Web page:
The path to the future requires understanding the past and how current and historic human activities have defined our present situation. Before European settlement of North America, the continent’s beaver population is estimated between 60 to 400 million individuals, based on historic data from trapping harvests (Naiman et al 1988). It was this quest for “brown gold” that stimulated much of the early exploration and colonization of the New World, where beaver pelts were commonly used as currency. The first waves of fur traders and trappers emanated from the Northeast coast and the mouth of the Mississippi River (Figure 1, Sedell map). By the early 1900s beaver populations in the continental U.S. and southern Canada were nearly eradicated. Eventually beavers from isolated, surviving colonies were used to reseed vacant habitats and trapping bans were instituted as policy makers and public land mangers recognized the implications of their loss to fish and game. Yet the current beaver population of North America is probably 10%, or less, of the original number.
The estimated loss of about 90% of these four-footed engineers, and the vital wetlands they once maintained has profoundly affected the continent’s hydrology. Their systematic and widespread removal represents the first large-scale Euro-American alteration of watersheds. As beavers were removed, and their dams failed from lack of repairs or were destroyed, changes took place in how water was stored and routed from upper to lower watersheds. Channels eroded into the soft sediments once trapped behind the dams. Over time valley bottoms shifted from landscapes dominated by ponds, multiple channels, wetlands, and wide riparian zones abundant in fish and wildlife, to landscapes defined by the simple, incised, overly wide, single-thread channels with narrow strips of riparian vegetation that we know today. In addition, widespread drainage of North American wetlands via outlet ditches lined with tiles occurred; over 50 million acres were drained for cropland in the U.S. Midwest alone (Hey and Phillipi 1995). Much of the drained acreage later proved unsuitable for agriculture, yet the land’s water storage, flood mitigation capacity and complex, extensive wildlife habitat was dramatically reduced. With a few exceptions, many species of mammals, birds, amphibians, mussels and fish have not recovered their numbers.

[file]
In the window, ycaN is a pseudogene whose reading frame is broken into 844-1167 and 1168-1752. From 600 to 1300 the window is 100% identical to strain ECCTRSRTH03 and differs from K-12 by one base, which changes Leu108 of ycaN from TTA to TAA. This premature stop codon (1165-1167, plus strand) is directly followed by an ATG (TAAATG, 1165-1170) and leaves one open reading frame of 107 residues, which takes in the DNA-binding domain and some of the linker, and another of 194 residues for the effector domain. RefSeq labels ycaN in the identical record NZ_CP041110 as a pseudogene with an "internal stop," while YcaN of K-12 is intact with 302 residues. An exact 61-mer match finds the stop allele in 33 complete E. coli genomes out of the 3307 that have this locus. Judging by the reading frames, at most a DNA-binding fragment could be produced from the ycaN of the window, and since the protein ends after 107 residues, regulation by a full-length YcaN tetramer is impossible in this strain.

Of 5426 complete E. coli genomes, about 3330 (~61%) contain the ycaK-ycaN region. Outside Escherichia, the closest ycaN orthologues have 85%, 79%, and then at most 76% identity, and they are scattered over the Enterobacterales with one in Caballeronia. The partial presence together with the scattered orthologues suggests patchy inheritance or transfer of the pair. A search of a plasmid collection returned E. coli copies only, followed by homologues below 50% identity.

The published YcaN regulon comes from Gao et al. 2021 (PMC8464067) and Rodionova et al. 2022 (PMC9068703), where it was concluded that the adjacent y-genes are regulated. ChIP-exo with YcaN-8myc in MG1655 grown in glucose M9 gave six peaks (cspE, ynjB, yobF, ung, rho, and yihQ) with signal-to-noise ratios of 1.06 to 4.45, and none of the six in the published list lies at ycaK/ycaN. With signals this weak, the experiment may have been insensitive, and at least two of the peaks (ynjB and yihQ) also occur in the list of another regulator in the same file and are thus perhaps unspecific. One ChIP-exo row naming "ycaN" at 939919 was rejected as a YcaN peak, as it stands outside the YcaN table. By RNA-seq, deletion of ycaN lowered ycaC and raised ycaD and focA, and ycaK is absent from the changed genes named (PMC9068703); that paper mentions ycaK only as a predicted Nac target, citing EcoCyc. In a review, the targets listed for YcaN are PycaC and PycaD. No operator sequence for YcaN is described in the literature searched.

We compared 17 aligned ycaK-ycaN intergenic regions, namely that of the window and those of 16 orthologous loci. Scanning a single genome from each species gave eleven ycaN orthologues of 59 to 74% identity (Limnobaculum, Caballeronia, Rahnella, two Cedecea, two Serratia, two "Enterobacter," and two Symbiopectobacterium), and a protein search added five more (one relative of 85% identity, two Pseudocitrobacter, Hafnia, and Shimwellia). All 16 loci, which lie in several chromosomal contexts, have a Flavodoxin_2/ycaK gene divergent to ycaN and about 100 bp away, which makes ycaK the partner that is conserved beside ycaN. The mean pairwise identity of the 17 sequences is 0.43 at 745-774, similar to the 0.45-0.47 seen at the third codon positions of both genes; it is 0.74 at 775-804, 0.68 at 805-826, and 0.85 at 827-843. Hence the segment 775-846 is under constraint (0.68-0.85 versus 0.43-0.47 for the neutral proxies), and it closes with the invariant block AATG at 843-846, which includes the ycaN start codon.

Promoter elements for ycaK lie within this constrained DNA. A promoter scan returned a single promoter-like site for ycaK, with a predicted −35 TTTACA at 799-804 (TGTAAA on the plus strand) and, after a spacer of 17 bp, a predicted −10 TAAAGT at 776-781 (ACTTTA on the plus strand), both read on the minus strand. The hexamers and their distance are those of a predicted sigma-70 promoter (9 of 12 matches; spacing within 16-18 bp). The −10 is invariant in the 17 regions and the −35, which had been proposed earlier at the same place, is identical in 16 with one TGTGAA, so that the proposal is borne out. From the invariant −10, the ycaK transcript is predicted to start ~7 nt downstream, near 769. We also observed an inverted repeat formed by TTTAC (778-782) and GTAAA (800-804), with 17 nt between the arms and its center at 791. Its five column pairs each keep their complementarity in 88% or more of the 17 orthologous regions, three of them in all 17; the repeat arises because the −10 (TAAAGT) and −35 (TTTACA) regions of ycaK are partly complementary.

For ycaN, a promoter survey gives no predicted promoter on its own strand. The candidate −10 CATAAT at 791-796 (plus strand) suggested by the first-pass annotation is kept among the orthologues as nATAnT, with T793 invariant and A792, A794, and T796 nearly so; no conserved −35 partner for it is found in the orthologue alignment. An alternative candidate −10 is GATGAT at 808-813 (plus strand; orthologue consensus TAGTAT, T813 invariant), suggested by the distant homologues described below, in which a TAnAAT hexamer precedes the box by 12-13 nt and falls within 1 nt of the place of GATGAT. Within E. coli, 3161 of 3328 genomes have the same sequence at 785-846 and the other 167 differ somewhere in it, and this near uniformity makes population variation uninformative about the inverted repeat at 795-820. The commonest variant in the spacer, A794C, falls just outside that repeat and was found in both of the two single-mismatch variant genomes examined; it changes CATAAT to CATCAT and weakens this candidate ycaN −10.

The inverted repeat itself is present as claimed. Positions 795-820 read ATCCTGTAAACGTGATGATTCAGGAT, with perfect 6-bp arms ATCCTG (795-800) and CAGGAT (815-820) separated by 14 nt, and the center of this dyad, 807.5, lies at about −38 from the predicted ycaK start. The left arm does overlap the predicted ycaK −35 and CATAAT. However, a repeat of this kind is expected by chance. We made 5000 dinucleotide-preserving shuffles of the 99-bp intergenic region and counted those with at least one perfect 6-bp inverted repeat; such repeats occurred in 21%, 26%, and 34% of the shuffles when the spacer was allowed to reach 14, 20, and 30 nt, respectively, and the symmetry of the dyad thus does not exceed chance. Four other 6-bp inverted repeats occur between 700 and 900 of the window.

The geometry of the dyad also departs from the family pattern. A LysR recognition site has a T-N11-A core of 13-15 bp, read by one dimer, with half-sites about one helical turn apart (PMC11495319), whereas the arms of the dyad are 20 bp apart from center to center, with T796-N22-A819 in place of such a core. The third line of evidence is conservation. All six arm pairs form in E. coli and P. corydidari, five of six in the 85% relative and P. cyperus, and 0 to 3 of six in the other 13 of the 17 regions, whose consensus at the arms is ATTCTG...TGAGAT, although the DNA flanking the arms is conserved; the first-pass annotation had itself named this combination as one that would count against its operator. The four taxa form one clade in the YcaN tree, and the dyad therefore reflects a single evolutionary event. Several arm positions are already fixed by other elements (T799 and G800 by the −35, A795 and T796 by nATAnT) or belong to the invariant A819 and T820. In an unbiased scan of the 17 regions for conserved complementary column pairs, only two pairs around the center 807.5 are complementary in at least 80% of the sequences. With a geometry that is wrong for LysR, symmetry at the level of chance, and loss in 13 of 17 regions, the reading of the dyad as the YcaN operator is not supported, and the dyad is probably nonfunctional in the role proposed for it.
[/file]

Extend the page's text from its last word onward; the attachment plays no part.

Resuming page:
Human activities, past and present, have systematically stripped watersheds of those features that once helped store and slowly release water, dampen flood peaks, and sustain stream flows during droughts. Now connected, incised river systems function as sewer lines, rapidly moving water from the upper to the lower watershed with little water storage, and wetlands are a fraction of their past extent. These changes have severely compromised the ability of human and wild communities to successfully deal with climate change and increased climate variability.